Construction Spending Sees First Drop in Six Months
The Census Bureau said this morning thatrnconstruction spending in the U.S. dipped slightly in January but was well abovernoutlays a year earlier. Spending was atrna seasonally adjusted annual rate of $827.0 billion, 0.1 percent below thernrevised December figure of $827.6 billion. rnSpending was 7.1 percent above the January 2011 estimate of $772.0 billion.</p
Private construction spending duringrnJanuary was at an annual rate of $538.7 billion, nearly identical to thernDecember figure. Private spending a yearrnearlier was at a rate of $482,099 billion so the new figures represent an 11.7rnpercent increase.</p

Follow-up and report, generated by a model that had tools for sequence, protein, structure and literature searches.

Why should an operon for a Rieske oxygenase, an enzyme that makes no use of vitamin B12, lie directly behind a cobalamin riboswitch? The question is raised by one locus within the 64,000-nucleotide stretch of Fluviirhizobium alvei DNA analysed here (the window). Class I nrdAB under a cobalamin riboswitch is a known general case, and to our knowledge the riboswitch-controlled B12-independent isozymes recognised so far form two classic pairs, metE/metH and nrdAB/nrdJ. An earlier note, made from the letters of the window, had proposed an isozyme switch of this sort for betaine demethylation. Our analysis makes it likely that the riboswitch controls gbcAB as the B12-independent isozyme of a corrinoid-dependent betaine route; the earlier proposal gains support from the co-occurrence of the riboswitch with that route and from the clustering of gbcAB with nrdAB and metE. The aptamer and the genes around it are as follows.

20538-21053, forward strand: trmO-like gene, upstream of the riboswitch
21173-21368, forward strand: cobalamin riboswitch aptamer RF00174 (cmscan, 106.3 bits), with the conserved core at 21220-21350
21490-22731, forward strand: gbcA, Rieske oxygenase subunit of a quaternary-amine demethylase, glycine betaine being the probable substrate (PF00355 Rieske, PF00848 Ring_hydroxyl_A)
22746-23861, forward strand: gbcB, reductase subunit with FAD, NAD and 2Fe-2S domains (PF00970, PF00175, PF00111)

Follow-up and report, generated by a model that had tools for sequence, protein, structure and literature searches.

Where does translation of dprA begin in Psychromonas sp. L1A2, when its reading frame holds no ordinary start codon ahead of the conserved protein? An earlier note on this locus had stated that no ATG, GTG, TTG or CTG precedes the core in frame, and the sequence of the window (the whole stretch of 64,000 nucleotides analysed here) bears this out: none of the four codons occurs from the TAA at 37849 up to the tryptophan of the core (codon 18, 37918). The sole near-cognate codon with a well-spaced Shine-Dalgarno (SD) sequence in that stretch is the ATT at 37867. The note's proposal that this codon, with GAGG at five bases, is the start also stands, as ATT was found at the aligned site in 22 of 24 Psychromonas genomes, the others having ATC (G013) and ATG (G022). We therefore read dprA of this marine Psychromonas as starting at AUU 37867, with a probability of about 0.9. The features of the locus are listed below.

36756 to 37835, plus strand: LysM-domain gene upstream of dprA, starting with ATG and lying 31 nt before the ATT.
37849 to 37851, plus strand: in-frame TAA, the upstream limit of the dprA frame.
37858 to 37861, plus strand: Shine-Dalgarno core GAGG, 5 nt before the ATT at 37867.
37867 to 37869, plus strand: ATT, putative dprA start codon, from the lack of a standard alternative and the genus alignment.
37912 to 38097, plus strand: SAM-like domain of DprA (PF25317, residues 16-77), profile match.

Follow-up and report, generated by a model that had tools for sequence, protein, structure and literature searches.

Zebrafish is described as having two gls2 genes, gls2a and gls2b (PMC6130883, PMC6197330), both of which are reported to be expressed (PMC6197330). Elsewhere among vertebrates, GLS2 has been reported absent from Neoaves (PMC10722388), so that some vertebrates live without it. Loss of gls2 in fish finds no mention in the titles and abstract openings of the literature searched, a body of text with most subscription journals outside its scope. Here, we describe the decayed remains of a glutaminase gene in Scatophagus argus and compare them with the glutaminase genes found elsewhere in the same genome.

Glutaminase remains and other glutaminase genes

Private residential construction was atrna rate of $253,639 billion compared to $249,196 billion in December and $237,643rnbillion in January of 2011. These werernincreases of 1.8 percent and 6.7 percent respectively.</p
Total public construction in January wasrn$288,331 billion annualized, down 0.2 percent from $288,956 in December. One year earlier public construction totaledrn$289,883 billion, 0.5 percent above the current level. Public residential construction in Januaryrnwas at a rate of $510 billion, down from $588 billion in December and $696rnbillion one year ago.</p
This isrnthe first pause in which has been considerable growth in construction since arndip in July. Since then spending hasrnrisen from $773,296 to $827,001 billion. The increase has been driven almost entirelyrnby growth in the private sector which has also risen every month sincernJuly. The growth of public spending hasrnfar less even, alternatively expanding and contracting every month from 277,345rnin July to itsrnpresent level.</p
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